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Rapid method for high-quality RNA isolation from seed endosperm containing high levels of starch
Zhiwu Li Harold N. Trick
Kansas State University, Manhattan, KS, USA
BioTechniques, Vol. 38, No. 6, June 2005, pp. 872–876
Full Text (PDF)

Isolation of high-quality RNA from plant seeds is very critical for seed-specific gene analysis. However, seed endosperm contains very high levels of starch, which cause the solidification of samples in the guanidine isothiocyanate (GITC)-based RNA extraction buffers, such as GITC-phenol-chloroform buffer (1), TRIzol® reagent (Invitrogen, Carlsbad, CA, USA) and the RNeasy® kit (Qiagen, Valencia, CA, USA). These current RNA small- and large-scale extraction protocols typically either fail to yield RNA or result in reduced yields with poor quality. Tissue with a high level of starch can also hinder resuspension of precipitated RNA or contaminate the RNA pellet by co-precipitation (2). Although several protocols were developed to remove polysaccharide and phenolics contamination from plant RNA (3,4,5), most of the existing protocols are time-consuming and labor-intensive. Additionally, there are no satisfactory protocols for isolating RNA from starch rich seeds, such as wheat, rice, and maize, using <1 g of seed material. In this report, we developed a rapid method for extracting high-quality RNA from wheat, rice, and maize seed endosperms. It can be used to isolate seed-derived RNA in both small- and large-scale extraction protocols, and it directly overcomes the problems of solidification of samples in extraction buffer, starch contamination, and starch co-precipitation.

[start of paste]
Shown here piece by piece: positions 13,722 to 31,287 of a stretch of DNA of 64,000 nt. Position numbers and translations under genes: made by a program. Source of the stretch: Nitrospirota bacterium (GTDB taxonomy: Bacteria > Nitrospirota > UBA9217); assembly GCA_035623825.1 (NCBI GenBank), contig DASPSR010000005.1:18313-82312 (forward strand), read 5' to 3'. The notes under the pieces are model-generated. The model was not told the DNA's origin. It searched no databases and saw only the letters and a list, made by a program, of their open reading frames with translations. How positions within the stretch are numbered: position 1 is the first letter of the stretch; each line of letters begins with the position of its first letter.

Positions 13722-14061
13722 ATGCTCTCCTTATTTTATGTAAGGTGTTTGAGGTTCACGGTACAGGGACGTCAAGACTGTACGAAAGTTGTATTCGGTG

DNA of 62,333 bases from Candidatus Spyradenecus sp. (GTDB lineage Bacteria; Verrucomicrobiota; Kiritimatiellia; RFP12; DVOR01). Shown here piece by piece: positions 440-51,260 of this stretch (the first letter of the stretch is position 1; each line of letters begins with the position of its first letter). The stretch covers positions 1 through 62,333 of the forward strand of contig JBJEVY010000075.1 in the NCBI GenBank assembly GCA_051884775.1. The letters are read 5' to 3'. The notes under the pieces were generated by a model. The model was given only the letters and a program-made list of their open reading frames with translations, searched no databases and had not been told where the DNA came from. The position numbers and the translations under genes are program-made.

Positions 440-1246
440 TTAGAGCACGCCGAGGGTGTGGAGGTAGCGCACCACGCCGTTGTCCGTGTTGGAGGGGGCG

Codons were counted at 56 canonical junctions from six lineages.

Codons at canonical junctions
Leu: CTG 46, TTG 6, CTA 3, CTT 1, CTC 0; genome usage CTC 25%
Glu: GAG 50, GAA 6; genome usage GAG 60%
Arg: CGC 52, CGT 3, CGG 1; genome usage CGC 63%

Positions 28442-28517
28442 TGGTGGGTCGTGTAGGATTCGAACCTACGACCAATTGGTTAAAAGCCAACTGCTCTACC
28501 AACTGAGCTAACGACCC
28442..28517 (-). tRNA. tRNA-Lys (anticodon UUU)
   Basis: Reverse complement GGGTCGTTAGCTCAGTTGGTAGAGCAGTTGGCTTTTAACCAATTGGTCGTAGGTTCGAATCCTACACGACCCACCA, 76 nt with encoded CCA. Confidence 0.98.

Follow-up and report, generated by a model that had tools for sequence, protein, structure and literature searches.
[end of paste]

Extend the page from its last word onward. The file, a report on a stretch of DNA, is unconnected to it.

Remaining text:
Wheat (Triticum aestivum L.) seeds “Bobwhite” were collected around 20 days post-anthesis. Rice (Oryza sativa L.) and maize (Zea mays L.) seeds were collected 23 days post-anthesis. For the new RNA extraction procedure, 50-100 mg seeds were ground to a fine powder in liquid nitrogen with prechilled mortar and pestle. The flour sample was then transferred into a prechilled 1.5-mL RNase-free microcentrifuge tube. A 400-µL extraction buffer I [100 mM Tris, pH 8.0, 150 mM LiCl, 50 mM EDTA, 1.5% sodium dodecyl sulfate (SDS), 1.5% 2-mercaptoethanol] aliquot was immediately added to the seed powder. After mixing the content with vigorous vortex mixing, 250 µL phenol-chloroform mixture (1:1, pH 4.7) were added, and the samples were mixed well by inversion. Samples were then centrifuged immediately at 13,000× g for 15 min at 4°C. The upper aqueous phase (around 250 µL) was carefully transferred to a new 1.5-mL tube containing 250 µL extraction buffer II [70% guanidinium sulfate (w/v), 0.75 M sodium citrate, 10% lauryl-sarcosine, 2 M sodium acetate, pH 4.0]. Samples were mixed by gentle inversion and incubated at room temperature for 10 min. After the incubation, 200 µL chloroform-isoamyl alcohol (24:1) were added, and the samples were then centrifuged at 13,000× g for 15 min at 4°C. To the recovered supernatant (around 450 µL), 300 µL isopropanol, and 250 µL 1.2 M sodium chloride were added. The samples were then mixed by inversion and put on ice for 15 min. The sample was centrifuged at 13,000× g for 15 min at 4°C, then the supernatants were discarded, and the RNA pellets were washed carefully with 400µL 70% ethanol. The RNA pellets were then dried for 15-20 min at room temperature in a laminar flow hood and were resuspended in the appropriate volume of RNase free water (e.g., 50 µL) and stored at -70°C. This protocol can also be used for seed tissue above 1 g by adjusting the volumes of buffers accordingly. All the solutions were prepared from 0.1% diethylpyrocaborate (DEPC)-treated water and powder stocks. Glassware used in this protocol was cleaned with detergent, filled with 0.1% DEPC, incubated at 37°C overnight, and then autoclaved for 30 min.